bkosland80
bkosland80
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About Me

Sam Roberts was the wage earner in the family, a respected wildlife artist who's signed, limited-edition prints sold briskly at https://payforessay.pro/ art shows from coast to coast. But Kay Roberts was by his side every step of the way. "It took the both of us to promote his work," she said. "We were together all day every day, and it was terrific."

The lifestyle Roberts cherished ended abruptly in the fall of 2005 when Sam - "my sole support" -- suffered a stroke. Life became a blur of medical emergencies - "I followed seven different ambulances" - and ever-mounting expenses. Sam died early in 2006, leaving his then-55-year-old widow in what she describes as "a very bad situation financially".

- The invisible issue Kay Roberts had become what social scientists call a displaced homemaker -- a woman whose principal job https://payforessay.pro/capstone-project/ has been homemaking and who has lost her financial support through death, divorce, separation or disability.

The displaced homemaker tends to be all but invisible in a society awash with ambitious, ever-more-successful career women. She's forgotten when the conversation turns to women's issues, the issues of the day being maternity leave and subsidized child care, not alimony and survivor benefits. Her still-married friends may fade away. And as sympathetic as her daughters may be, they may https://payforessay.pro/custom-term-paper/ not understand the trauma of displacement. Busy establishing careers, postponing marriage and child-bearing, they belong to a generation that does not aspire to full-time homemaking.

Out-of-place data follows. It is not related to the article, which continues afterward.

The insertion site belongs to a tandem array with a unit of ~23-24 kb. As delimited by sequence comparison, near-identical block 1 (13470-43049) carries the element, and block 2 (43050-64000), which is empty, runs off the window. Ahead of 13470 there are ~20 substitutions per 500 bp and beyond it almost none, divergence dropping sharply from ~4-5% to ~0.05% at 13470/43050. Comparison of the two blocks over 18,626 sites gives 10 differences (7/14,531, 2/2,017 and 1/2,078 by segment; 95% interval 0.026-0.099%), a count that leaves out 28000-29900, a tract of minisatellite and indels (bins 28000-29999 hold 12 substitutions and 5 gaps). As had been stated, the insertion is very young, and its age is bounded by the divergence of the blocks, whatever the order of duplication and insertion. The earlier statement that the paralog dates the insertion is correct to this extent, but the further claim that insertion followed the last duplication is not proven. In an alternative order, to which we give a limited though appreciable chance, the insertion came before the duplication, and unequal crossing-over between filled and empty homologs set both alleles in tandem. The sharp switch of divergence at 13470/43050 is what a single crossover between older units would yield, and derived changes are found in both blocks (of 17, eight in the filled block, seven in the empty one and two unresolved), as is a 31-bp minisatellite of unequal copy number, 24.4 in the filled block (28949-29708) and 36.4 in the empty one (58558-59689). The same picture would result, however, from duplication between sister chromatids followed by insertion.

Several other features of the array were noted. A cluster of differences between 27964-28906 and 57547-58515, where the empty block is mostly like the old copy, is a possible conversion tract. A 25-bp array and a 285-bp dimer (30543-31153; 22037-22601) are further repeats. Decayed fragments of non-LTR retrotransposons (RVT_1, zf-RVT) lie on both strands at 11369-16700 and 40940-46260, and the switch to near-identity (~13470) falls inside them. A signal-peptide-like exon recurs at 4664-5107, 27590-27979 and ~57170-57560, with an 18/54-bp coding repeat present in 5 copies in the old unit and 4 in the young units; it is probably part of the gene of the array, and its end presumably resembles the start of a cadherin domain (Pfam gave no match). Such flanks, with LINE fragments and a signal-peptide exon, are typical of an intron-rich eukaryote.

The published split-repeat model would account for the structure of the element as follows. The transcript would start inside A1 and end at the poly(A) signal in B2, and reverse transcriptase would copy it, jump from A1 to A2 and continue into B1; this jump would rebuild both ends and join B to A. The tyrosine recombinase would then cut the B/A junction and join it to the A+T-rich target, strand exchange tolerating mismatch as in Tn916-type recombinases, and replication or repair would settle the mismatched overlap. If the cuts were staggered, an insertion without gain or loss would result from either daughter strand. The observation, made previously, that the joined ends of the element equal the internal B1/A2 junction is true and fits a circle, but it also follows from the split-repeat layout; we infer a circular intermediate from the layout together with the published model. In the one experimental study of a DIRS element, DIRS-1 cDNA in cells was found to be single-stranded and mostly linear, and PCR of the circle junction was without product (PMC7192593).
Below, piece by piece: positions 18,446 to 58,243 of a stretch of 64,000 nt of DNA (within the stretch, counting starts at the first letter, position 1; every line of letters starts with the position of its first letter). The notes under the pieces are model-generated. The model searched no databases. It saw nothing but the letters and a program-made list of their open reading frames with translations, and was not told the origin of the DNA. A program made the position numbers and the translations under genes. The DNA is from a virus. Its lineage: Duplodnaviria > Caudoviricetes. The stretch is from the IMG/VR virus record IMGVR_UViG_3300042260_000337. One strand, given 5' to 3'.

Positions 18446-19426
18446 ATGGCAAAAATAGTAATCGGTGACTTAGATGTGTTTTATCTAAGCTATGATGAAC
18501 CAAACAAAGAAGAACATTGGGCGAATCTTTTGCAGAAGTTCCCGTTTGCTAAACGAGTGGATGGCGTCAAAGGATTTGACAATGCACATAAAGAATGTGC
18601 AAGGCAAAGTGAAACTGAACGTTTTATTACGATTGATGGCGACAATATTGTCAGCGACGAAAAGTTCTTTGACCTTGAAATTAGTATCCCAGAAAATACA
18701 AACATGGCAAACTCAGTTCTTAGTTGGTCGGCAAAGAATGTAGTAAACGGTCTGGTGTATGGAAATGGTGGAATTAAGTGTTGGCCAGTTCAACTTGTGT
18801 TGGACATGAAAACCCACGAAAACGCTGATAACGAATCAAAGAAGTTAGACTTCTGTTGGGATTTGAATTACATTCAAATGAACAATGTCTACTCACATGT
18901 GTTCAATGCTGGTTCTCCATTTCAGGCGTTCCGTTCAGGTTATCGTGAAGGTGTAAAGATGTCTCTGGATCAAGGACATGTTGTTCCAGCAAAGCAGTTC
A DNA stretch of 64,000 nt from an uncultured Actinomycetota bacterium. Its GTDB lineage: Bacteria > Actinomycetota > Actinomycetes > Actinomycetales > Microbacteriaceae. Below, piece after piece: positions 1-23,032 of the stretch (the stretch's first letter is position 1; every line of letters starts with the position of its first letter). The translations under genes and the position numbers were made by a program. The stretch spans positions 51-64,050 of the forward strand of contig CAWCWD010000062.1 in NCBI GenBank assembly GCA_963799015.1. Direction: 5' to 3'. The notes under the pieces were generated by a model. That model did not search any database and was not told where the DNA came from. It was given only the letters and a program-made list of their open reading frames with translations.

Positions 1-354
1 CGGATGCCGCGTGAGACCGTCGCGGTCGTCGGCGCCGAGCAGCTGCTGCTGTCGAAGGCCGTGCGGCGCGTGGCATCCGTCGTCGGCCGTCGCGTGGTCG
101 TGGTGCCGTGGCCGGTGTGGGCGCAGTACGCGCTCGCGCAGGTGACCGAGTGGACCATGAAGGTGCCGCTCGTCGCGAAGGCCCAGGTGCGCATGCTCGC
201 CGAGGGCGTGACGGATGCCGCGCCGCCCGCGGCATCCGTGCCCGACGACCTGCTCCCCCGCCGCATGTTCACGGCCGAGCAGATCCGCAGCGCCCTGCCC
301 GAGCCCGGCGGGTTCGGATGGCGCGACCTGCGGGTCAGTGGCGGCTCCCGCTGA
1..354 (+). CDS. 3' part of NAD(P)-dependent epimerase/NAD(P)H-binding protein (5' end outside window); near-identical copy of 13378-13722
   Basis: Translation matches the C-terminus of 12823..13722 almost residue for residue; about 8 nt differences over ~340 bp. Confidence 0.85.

"We pay a tremendous amount of attention to working women and the dramatic rise in their representation in the labor force -- now 60 percent of all adult women," said Jill Miller, executive director of the Displaced Homemakers Network. "What we're ignoring is the other 40 percent."

Calling displaced homemakers the dark side of the women's movement, the Washington, D.C.-based network reported in July that their numbers had nearly tripled since 1996, from 4.1 million to 11.5 million. Oregon has nearly 138,700 displaced homemakers, according to the network, which analyzed Census Bureau data to arrive at the current figures.

Displaced homemakers are predominantly older and widowed, but a significant number are in their 30s or 40s, divorced and raising children. Those who work tend to do so part time or seasonally. Those who do not often are convinced after decades at home that their skills wouldn't transfer to the workplace.

Public policymakers express doubt that there could be so many women so economically distressed, but 60 percent are deemed to have insufficient income. Displaced homemakers tend to be too young for social security and, with divorce, may never qualify for it. Without husbands, they also generally are cut off from health insurance and pension-plan protection. Unless they are physically disabled or raising children under 18, they do not qualify for federal welfare assistance.

The bulk of the money for programs for displaced homemakers comes from the Carl Perkins Vocational Education Act of 1994. Hilda Thompson's office distributes nearly $1 million in federal money to 11 programs statewide that serve displaced homemakers and single parents.

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